1. RD I took the word ‘then’ in 20d as a tongue-in-cheek nod to the second definition – the setter showing his humour. Hope this doesn’t get me sent down.

    2. Yes, bunk is definitely a quirky anagram indicator. I took it to be the shortened formed of bunkum, which is not much better, and that Dada used it to provide some confusion with beds in the clue.

  3. This was quite pleasant and straightforward and weent quite quickly, until I got to the NW corner. Like Rabbit Da ve, I took longer over this than the rest of the puzzle, particularly 2d. So 3* for difficulty and enjoyment today. Thank you to Dada and to Senf for confirming that my answer to 2d was correct (it wouldn’t frighten the horses but it might baffle a waiter). Favourites were 15a, 21aand 7d.

  4. This puzzle fairly fizzed for me – packed with humour eg 8&25a and penny-drop moments eg 2&7d.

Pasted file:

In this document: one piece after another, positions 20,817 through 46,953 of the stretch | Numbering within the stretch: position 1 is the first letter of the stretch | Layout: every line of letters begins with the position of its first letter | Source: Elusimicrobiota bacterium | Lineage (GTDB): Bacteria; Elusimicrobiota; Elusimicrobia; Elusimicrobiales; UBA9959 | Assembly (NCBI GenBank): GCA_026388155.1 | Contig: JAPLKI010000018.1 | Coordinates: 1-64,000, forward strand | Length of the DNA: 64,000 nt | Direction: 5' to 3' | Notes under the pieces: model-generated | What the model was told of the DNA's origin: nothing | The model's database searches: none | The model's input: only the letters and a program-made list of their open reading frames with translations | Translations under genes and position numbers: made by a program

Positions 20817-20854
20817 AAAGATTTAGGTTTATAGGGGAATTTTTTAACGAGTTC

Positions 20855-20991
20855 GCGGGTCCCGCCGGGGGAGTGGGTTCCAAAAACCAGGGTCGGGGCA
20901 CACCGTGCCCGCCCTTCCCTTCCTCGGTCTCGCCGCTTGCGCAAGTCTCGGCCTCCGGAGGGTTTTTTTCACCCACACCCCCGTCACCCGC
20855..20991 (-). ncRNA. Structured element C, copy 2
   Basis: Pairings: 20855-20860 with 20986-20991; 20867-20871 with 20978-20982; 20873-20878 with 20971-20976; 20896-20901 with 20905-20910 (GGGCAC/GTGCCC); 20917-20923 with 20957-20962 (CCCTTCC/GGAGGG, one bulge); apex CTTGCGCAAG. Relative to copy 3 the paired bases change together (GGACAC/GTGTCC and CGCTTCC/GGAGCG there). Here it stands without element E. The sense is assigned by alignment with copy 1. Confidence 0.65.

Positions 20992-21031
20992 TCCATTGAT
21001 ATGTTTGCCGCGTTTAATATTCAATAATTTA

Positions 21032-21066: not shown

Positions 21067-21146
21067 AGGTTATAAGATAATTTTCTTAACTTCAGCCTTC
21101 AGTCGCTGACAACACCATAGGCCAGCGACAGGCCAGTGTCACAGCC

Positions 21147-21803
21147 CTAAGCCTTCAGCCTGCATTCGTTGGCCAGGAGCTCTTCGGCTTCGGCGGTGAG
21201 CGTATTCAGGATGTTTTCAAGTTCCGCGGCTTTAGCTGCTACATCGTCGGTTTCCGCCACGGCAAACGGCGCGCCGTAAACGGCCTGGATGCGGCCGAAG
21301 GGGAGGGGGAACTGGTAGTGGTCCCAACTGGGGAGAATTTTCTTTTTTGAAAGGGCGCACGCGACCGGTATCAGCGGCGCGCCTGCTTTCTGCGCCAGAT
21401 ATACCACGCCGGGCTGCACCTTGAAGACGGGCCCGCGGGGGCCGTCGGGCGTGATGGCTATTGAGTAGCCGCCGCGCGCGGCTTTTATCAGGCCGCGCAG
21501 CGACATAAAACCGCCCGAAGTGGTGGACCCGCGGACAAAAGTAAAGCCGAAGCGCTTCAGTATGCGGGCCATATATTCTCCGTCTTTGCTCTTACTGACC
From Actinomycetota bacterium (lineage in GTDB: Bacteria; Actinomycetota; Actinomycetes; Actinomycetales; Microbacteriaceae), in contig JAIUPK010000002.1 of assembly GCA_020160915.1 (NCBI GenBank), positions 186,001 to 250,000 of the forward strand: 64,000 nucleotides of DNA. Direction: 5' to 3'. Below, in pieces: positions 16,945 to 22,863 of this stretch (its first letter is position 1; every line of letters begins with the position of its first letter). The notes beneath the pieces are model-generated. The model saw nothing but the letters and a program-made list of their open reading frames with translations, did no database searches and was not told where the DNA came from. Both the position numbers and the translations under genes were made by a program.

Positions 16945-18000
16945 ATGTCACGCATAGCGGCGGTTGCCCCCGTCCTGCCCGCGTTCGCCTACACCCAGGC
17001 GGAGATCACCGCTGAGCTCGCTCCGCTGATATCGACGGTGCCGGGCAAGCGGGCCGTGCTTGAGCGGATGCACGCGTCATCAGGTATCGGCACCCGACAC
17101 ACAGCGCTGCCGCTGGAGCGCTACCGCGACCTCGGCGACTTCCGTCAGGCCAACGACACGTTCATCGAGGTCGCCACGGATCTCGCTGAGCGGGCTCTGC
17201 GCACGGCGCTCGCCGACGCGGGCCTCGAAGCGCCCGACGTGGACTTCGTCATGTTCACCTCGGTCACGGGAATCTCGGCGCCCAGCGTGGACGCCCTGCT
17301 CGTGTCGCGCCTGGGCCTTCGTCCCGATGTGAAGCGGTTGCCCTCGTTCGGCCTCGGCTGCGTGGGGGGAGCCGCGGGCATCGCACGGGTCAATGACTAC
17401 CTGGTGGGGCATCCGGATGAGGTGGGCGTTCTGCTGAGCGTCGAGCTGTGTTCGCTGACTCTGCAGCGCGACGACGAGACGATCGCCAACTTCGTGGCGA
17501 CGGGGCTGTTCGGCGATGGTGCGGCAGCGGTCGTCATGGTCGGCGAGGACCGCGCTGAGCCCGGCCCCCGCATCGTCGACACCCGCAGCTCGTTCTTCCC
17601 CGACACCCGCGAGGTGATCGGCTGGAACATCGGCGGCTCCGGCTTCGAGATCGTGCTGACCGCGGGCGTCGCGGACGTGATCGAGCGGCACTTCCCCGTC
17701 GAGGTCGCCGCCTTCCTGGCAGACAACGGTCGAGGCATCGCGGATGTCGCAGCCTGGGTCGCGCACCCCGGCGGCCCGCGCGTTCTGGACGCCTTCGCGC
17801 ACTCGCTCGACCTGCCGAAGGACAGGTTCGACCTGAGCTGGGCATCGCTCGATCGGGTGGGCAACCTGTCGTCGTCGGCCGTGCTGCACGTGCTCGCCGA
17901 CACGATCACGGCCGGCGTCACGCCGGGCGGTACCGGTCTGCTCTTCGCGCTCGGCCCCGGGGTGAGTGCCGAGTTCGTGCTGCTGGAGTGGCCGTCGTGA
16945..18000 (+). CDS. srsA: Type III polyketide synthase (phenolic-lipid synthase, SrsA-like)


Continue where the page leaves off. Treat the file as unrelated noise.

Can’t believe that I’ve never spotted the obvious in 6d before today!

    Impossible to isolate a favourite so I’ll just say thank you very much to Dada for all the fun and many thanks to Senf for the blog.
    Cat Stevens – umm, he really was an unlikely chart topper!

  5. Thoroughly enjoyed this and had no major hold ups. With all the checkers in place I thought 7d had to be what it was but it took me ages to work out why. If I might quote Kath – dim.

    That became my favourite but I also liked a few others, 13a being one of them.

    Many thanks to all.

  6. All came together quite quickly. Great fun and impossible to pick a favourite as I liked every clue! Thanks to Dada and Senf.

  7. A second brew of Un7d required today. I struggled with a wrong island in 17a but the hint showed my faulty parsing. Thanks to Senf. 9d and 21a were faves. 21a was not a tricky clue but reminded me of a trip to Cawdor where the current 21a of that ilk was most entertaining.
    Thanks to Senf and Dada.
    Cat Stevens had/has a wonderful voice.

  8. Good workout with the NW corner giving some problems late on.